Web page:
The Civic Media Center kicked off its May film series on Monday, showing volume one of Yann Arthus-Bertrand’s 2015 documentary “Human.” The documentary explores the human experience across various countries and cultures.
Karrie Ford, a Civic Media Center volunteer, decided to screen the film in Gainesville after watching it for the first time a few months ago.
“I think we can get so wrapped up in own world, our own small little world of our personal lives that we can forget about the larger scale of what’s going in the world,” Ford said. “I think this film specifically captures a collection, a collage of stories and faces, different physical features, different races, different religions and brings it all together in an hour and a half.”
“Human” is a simple film made up of aerial, scenic shots of different countries and first-person stories told directly to the camera. The contrast between the two types of shots is stunning.
The interviews are the heart of the documentary. They give insight into the lives and lifestyles of profoundly different groups of people.
One of the most gripping testimonials is an Indian woman describing the extent of her poverty. When her family has no food, they gather individual grains of rice from rat holes to feed themselves.
The only information given to the audience is the speaker’s first name and the country they live in. This deliberate withholding of information gives the film its strong, emotional impact. It is impossible to know anything that could categorize the interviewees. Information like their age, socioeconomic status and occupation are hidden. We only know what the subjects decide to share with us.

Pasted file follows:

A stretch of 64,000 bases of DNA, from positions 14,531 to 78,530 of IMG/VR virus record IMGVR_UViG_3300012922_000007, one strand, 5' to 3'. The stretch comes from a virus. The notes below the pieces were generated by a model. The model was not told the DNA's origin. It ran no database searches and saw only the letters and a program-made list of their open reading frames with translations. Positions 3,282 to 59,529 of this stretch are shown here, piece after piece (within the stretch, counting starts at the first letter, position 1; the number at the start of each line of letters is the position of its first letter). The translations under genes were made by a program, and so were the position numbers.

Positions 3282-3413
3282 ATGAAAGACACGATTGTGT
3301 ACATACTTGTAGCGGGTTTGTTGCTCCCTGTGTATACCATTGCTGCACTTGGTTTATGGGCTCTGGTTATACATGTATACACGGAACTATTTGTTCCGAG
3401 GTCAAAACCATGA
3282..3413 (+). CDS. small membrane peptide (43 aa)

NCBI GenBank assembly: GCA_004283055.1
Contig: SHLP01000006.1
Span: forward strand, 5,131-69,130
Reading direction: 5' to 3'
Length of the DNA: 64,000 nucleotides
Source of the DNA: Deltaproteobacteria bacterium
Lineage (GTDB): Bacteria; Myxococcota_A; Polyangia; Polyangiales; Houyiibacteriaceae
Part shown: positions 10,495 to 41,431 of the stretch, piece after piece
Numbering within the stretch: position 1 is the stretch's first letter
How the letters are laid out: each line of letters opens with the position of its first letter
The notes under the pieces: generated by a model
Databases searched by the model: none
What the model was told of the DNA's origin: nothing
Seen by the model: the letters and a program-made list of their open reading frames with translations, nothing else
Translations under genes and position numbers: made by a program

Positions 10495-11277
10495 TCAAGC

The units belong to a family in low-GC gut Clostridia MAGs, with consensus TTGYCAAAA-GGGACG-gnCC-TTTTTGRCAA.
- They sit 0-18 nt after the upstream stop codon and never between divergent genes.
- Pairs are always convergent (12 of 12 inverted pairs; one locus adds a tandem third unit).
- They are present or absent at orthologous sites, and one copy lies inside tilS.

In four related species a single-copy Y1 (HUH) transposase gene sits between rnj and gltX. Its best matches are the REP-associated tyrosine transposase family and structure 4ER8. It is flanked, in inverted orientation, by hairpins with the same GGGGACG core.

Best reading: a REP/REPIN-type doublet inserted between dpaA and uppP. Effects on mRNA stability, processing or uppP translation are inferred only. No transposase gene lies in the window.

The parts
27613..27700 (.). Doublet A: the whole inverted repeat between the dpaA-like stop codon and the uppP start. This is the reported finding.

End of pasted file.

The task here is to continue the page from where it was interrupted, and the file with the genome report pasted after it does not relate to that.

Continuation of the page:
The stripped-down setting of “Human” gives the documentary a collectivist feel. Regardless of background, everyone is treated the same.
The director uses this to explore universal themes, such as love, gender, poverty, and struggle.
There is the wife of the polygamist, happy with her marriage. The Brazilian man frustrated that society will not let him love three women at once. The American man, who learned love from the mother of the woman he murdered.
The testimonials show both how connected humanity is in having the same values, and how different we are in expressing them across cultures.
The one problem that “Human” has comes from its repetitive structure. There is little visual change throughout the movie, besides having different faces on screen and the occasional drone shot. At times, this made it hard to stay engaged with film.
Stories are told at a fast pace that can sometimes be overwhelming. There are only a few cases where the person on screen is shown more than once, making it hard to remember each individual story.
Perhaps this structure is the point of “Human”.
The film paints a portrait of a diverse world. Everyone looks and sounds different. Everyone speaks different languages and follow different religions. However, each person spoke about the same themes, of love and family and struggle and hardship.
“Human” shows that even in a world full of divisiveness and conflict, the human race is fundamentally the same, regardless of what any person’s background is.
The Civic Media Center is showing volume two of “Human” on May 20and volume three on May 27. The screening will start at 7 p.m. both days and the event is free to attend.
The film "Human" is part of the Civic Media Center's "Movie Monday Film Series."